Your internet connection, web sites and services.
Internet and Web
Jeff has great bandwidth - 100Mbps down - but when he's streaming on his TV, he gets constant buffering. Leo says that smart apps on a TV are terrible. So Leo advises avoiding them and going with a streaming box like the Roku. Jeff says it's also happening with the Fire TV, though. Jeff is mostly having a hard time streaming DirecTV content. He has a SWiM box which is connected over the LAN in his house to his DirecTV receiver. There shouldn't ever be buffering, so Leo thinks it's the SWiM box.
Rob's job keeps him on the road, and he wants access to his desktop PC at home via his laptop or iPad. What's a good option, and can he do it without adding an app? Leo says that he can do it in a browser, but it's better in an app.
Atlas Remote Access on the iPad works well, according to the chatroom. There's also TeamViewer. But he'll need to install something. Google Chrome Remote requires installing an extension, but if the hardware isn't locked down from browser extensions, that's an option.
Johnny Jet has some new websites -- RouteHappy gives reviews on flights. There's also SkyTrax, which is kind of like Yelp for the airlines. It gives you an idea on how airlines are ranked for customer service.
Travel App - FirePlace. Fireplace is an app that is what you expect -- a fireplace. Quite nice to set a mood for a romantic dinner. It's $0.99 for iPhone and iPad.
Don wants to know if Twitter is a good way to get the attention of Samsung's support people. Leo says it is. The trend was started by a support person at Comcast with "ComCastCares." And everyone has picked up on that trend. It helps to also have "hashtags" (#) which can make it searchable. A good company will pick up on it and take quick action. But companies are now starting to get mean about the bad press they get on social media.
Brandon wants to know what the minimum bandwidth is that he can get away with to stream Hulu Plus. Leo says for a good quality stream, he'll want at least 5 Mbps down. But that doesn't meant that's what he would get all the time. Beware of the term "up to." Run SpeedTest.net to get an idea what the sustained throughput is. That will give him an idea. But if he's sharing bandwidth with the neighborhood, then it could be less.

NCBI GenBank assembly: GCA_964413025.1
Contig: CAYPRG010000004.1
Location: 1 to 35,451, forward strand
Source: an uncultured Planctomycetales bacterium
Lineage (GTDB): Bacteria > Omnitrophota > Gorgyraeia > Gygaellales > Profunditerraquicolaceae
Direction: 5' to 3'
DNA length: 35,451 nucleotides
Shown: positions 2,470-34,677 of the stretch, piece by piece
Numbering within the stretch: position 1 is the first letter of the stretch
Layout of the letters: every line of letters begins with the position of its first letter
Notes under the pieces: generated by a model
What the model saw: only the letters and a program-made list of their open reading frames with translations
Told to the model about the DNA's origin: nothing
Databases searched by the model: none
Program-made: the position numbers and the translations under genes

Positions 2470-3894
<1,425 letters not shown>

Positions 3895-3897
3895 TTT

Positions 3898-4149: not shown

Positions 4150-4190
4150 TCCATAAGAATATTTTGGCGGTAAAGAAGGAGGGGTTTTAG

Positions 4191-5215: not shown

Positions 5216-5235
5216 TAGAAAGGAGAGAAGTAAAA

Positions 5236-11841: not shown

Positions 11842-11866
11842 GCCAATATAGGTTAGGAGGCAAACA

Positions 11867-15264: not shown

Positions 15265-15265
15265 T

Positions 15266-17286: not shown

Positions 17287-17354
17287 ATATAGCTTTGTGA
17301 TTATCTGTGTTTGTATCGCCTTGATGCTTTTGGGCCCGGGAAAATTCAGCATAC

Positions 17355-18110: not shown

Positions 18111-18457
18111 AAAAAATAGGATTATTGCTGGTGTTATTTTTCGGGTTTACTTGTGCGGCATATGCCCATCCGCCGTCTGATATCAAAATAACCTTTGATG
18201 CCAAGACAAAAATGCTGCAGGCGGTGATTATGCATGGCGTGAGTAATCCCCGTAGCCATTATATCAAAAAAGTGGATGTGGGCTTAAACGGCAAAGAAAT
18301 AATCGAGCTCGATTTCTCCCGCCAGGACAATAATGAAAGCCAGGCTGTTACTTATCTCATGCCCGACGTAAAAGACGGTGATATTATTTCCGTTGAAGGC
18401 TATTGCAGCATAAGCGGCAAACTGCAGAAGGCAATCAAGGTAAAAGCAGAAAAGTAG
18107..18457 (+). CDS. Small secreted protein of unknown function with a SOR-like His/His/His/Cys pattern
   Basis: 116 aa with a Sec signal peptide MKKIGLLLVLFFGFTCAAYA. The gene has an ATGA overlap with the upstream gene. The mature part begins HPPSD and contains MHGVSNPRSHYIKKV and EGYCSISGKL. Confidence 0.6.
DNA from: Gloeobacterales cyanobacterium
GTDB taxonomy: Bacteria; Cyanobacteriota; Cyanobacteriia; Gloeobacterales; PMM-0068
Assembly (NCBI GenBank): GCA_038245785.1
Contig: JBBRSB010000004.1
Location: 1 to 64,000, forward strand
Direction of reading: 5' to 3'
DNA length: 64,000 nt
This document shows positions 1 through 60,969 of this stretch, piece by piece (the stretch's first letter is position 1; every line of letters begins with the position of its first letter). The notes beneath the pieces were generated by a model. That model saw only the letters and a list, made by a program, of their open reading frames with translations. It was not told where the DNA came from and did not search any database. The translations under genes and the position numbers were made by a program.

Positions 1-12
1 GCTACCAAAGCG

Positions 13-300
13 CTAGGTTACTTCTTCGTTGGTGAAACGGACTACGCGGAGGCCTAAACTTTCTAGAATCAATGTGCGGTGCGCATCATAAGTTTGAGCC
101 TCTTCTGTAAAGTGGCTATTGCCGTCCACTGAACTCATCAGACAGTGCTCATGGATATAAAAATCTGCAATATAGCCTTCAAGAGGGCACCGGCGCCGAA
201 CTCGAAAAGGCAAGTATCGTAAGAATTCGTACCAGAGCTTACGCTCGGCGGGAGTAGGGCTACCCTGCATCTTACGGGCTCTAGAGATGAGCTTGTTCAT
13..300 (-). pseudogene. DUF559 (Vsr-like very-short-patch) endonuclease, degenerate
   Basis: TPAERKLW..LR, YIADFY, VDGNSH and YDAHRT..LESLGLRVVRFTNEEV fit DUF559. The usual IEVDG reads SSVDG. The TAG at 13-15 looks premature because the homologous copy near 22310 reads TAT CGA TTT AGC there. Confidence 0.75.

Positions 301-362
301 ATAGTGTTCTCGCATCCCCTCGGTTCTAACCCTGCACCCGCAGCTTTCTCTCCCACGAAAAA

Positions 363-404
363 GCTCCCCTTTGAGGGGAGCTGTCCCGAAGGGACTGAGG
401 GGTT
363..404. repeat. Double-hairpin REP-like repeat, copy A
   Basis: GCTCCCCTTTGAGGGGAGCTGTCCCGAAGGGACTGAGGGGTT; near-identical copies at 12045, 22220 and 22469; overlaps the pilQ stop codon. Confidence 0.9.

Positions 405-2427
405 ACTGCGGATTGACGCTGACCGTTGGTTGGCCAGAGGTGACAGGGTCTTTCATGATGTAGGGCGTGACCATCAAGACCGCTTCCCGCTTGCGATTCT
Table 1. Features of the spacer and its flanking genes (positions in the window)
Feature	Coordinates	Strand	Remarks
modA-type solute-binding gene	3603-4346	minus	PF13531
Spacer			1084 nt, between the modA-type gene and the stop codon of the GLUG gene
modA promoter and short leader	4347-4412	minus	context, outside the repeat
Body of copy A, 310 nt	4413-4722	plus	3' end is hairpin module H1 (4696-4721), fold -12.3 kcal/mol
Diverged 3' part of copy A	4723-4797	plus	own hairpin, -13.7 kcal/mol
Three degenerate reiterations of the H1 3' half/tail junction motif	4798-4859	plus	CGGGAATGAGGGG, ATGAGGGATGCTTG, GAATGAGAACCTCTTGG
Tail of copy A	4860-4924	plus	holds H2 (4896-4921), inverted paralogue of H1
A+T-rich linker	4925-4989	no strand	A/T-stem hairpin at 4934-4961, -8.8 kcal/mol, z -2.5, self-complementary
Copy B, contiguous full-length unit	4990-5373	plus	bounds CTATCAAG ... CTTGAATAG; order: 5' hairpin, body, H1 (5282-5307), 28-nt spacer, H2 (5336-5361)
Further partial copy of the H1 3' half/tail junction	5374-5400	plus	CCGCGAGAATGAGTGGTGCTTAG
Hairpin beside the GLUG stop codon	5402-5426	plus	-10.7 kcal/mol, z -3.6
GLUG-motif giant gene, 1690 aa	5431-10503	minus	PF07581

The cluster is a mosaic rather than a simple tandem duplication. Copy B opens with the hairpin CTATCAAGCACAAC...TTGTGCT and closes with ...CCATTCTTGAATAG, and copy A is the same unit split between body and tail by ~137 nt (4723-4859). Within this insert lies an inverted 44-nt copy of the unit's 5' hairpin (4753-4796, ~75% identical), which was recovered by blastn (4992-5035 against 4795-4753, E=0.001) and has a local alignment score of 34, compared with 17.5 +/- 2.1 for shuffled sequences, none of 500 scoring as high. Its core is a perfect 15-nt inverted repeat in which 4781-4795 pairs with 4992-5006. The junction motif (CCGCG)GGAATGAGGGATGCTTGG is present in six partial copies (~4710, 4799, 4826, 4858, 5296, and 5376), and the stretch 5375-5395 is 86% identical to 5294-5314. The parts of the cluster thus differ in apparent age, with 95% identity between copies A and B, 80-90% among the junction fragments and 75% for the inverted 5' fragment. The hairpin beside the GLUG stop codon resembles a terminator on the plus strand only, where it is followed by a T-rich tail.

Karen is having an issue with an online stalker who has hacked into her computer and has been deleting her files and other things. Leo suspects that Karen isn't really being hacked unless she has incurred the wrath of someone who can do that. More likely, what may be happening is that she's got malware and she probably should format the hard drive and reinstall Windows from a known, good source.
Glennis took her iPad to New Zealand, but she couldn't send email. Leo suspects that outbound email may have been blocked by ISPs like Cox cable. They probably looked at where she was and notice that she wasn't on the network, and blocked her. To get around it, she can use an outbound SMTP server that isn't her ISP's. She can do that through Gmail using their outbound servers.
Johnny Jet is back from his Hawaii holiday, but only for a brief time. News came out that a kid created a service called Skip Lagged, which used the "hidden city" technique to get the best deal. But now he's being sued by airlines. The "hidden city" trick is to book a flight that has a stop, but your stop is actually where you want to go. So you simply don't show up for the connecting flight. But this means you'd have to fly with no checked bags.
Joey doesn't understand why we can't use the electrical grid for internet access if it's possible to have power line networking in the home. It would seem to be a good idea for remote locations. Leo says that it would be a good idea in theory, but it has the side effect of jamming radios because it creates a giant transmitter in the power lines.
Jonathan has Verizon FIOS with 75 Mbps up and down. Leo says that's nice! He has great signal on one side of the house, but it's terrible on the other side. How can he extend the Wi-Fi? Leo says he has to use Verizon's FIOS modem and router, but he doesn't have to use it for Wi-Fi. He can get a better Wi-Fi access point like an Apple Airport Extreme. Then put that in bridge mode so it'll pass the signal along to the rest of the house. If he needs more, then he can add a few $99 Airport Express's to act as a repeater. Leo has three of them.